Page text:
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When you write a fantasy sports column, criticism comes with the territory.

Rarely do I feel the need to defend my position in this space, but I'm making an exception for a couple of e-mails I received concerning Seattle Mariners outfielder Ichiro Suzuki in the days after my draft preview appeared on March 27.

"Normally your ratings are pretty decent but you must have flipped your lid to rank Ichiro so high. He's nothing but a Punch-and-Judy slap hitter. They're a dime a dozen."

"You're a joke to advise taking Ichiro ahead of "Godzilla" (New York Yankees outfielder Hideki Matsui) and (teammate Gary) Sheffield. How do you feel about that advice after (Cincinnati outfielder Adam) Dunn had two homers and five RBIs in the opener after you had Ichiro ranked twice as high?"

For the record, I ranked Suzuki sixth among outfielders, behind (in this order) the New York Mets' Carlos Beltran, the Los Angeles Angels' Vladimir Guerrero, Boston's Manny Ramirez, Philadelphia's Bobby Abreu and Florida's Miguel Cabrera. Matsui was a spot behind at No. 7, Sheffield No. 10, Dunn No. 11.

Granted, most national publications slotted Suzuki a bit lower. Street & Smith's had him 14th, CBS's Fantasy Baseball put him ninth and Fantasy Baseball Index slotted him eighth.

But If I had it to do over, I'd boost Suzuki to fourth or fifth. I make it a point not to overemphasize spring training statistics, but Suzuki's were hard to ignore last month: 31 of 71 for a .437 batting average and six stolen bases.

The only legitimate knock on Suzuki is that he's been a bit of a slower starter, at least for the last two years.

He combined to bat just .249 in the Aprils of 2003 and 2004, but has started this season ablaze, going 19 for his first 44 (.432). Combine that with spring training and he's at 50 of 115 (.435) in game situations. I'm not saying fans of Ted Williams, baseball's last .400 hitter (.406 in 1941), have anything to worry about. However, I look at a fast start as an unexpected bonus for Suzuki.

En route to breaking George Sisler's 84-year-old record for hits in one season last year with 262, Suzuki hit just .255 (on 26 of 102) during April on the way to a .372 batting average.

Had he gone 0 for 102 he'd still have finished with a .355 batting average and led the majors in hits by 15.

Of the six other players who have had 250 or more hits in a season since 1900, none of them started slower than Suzuki. Sisler (257 hits with the 1920 St. Louis Browns) batted .333 in April that year, Rogers Hornsby (250, 1922 St. Louis Cardinals) hit .404 in the first month, Al Simmons (253, 1925 Philadelphia A's) hit .255 but had 55 fewer at-bats than Suzuki, Lefty O'Doul (254, 1929 Philadelphia Phillies) hit .425, Bill Terry (254, 1930 New York Giants) hit .410 and Chuck Klein (250, 1930 Phillies) batted .381.

Suzuki has 924 hits in his first four seasons, 84 more than the player who is second-best, Hall of Famer Paul "Big Poison" Waner with the Pittsburgh Pirates from 1926-29.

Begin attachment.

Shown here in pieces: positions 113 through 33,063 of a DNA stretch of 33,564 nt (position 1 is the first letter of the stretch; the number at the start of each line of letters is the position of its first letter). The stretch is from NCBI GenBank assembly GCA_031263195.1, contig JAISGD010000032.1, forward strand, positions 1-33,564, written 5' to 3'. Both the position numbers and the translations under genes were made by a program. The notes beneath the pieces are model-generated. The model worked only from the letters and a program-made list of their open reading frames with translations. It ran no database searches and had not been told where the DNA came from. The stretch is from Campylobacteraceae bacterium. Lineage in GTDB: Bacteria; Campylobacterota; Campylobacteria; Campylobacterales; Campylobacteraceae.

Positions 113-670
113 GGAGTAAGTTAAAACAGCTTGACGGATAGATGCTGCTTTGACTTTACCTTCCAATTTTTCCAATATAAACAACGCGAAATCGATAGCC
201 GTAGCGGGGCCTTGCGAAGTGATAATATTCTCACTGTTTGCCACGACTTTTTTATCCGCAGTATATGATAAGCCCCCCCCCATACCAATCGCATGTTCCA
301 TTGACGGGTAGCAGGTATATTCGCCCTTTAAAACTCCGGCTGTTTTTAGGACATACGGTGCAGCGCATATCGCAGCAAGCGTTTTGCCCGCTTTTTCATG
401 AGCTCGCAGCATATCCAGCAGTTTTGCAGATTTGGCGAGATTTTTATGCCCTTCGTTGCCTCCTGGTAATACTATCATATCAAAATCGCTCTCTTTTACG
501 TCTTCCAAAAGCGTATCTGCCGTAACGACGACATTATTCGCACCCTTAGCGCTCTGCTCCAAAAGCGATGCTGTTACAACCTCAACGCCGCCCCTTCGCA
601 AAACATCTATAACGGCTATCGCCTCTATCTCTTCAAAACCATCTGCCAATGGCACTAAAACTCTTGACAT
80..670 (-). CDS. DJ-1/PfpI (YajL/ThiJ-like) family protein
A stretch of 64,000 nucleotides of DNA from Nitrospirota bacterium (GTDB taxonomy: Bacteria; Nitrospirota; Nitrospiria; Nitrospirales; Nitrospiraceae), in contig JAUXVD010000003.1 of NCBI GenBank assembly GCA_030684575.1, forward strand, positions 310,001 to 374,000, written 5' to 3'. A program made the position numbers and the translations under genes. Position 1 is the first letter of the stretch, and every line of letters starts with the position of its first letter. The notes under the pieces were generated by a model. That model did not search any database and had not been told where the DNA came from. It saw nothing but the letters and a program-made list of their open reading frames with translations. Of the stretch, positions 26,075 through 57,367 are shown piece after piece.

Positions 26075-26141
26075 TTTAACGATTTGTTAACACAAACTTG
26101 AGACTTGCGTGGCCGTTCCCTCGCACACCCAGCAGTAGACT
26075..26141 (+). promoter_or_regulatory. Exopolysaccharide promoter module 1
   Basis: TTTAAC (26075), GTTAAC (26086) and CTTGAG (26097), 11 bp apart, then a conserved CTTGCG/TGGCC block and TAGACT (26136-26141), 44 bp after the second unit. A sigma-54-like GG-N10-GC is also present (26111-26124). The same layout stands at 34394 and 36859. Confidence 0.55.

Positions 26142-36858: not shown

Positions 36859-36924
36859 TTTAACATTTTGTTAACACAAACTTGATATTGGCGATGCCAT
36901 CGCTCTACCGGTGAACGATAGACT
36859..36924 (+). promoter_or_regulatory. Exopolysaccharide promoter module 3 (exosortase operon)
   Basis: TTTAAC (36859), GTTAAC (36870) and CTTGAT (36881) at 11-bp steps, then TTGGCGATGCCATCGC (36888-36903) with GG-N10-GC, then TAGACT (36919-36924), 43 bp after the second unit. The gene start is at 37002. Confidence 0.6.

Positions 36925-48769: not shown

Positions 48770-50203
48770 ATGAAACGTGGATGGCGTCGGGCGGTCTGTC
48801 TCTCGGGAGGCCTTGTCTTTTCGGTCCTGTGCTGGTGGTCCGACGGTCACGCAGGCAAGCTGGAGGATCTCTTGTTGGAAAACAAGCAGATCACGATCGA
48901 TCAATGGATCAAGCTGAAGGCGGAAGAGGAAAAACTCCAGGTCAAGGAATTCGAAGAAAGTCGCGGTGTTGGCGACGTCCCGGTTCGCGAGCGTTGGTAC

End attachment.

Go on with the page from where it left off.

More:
In fact, no player in history can match Suzuki for total hits in any four consecutive seasons. Terry had 918 from 1929-32 and Sisler cracked 913 from 1920-24 (he missed 1923 with an eye injury.)

Last season, Suzuki had more singles (225) than any other major leaguer had total hits (Florida's Juan Pierre was next with 221).

No one in history has ever hit as many singles. Suzuki obliterated the old record of 206, set by Hall of Famer "Wee" Willie Keeler of the 1898 Baltimore Orioles.

That's some kind of knockout punch for a "Punch-and-Judy hitter."

And consider that Suzuki's record-setting season came as the leadoff hitter for a team that finished 63-99 with American League low totals of 698 runs scored and 136 home runs at pitcher-friendly Safeco Field.

The additions of third baseman Adrian Beltre, who matched Mike Schmidt's all-time record at the position with 48 home runs last season with the Los Angeles Dodgers, and first baseman Richie Sexson, who had 119 home runs and 351 RBIs with the Milwaukee Brewers from 2001 to '03, can only help Suzuki's numbers this season.

Other than the fact that they both debuted in 2001, Suzuki and Dunn are like comparing apples and oranges in the world of fantasy baseball.

Unlike Dunn, who struck out a major league-record 195 times last season, Suzuki maximizes his plate opportunities.

In his four seasons, Suzuki has never fanned more than 69 times in one year. He entered this season with 247 career whiffs and 183 walks. Dunn walked 108 times last season and entered this year with 348 career bases on balls.

While walks are plenty valuable in the real world, normally they're a source of frustration for fantasy owners, who can only cash in if the player proceeds to score a run.

In 2004, Suzuki led the majors in at-bats (704, coming within one of Willie Wilson's all-time record with the 1980 Kansas City Royals) and plate appearances (762). He has deceptive power with the potential to hit 25 homers.

The Sporting News' Ultimate Baseball Scouting Guide for 2005 writes that Suzuki, "has the best eye/hand coordination of any player in history."

While Suzuki isn't likely to give you the huge single day a slugger like Dunn can produce, he's the most consistent day-to-day fantasy player in the game.

Suzuki had hitting streaks of 21, 16 and 14 (twice) games last year, 80 multi-hit games, 24 games with three or more safeties, six four-hit games and four five-hit days.

The most consecutive games he went without a hit was two, on three different occasions, including two in April. He went from April 30 to Sept. 10 without being held hitless in back-to-back games.

At 5-foot-9, 172 pounds, the 31-year-old Suzuki forges a mighty figure in the world of fantasy baseball -- a game where bigger is definitely not always better.


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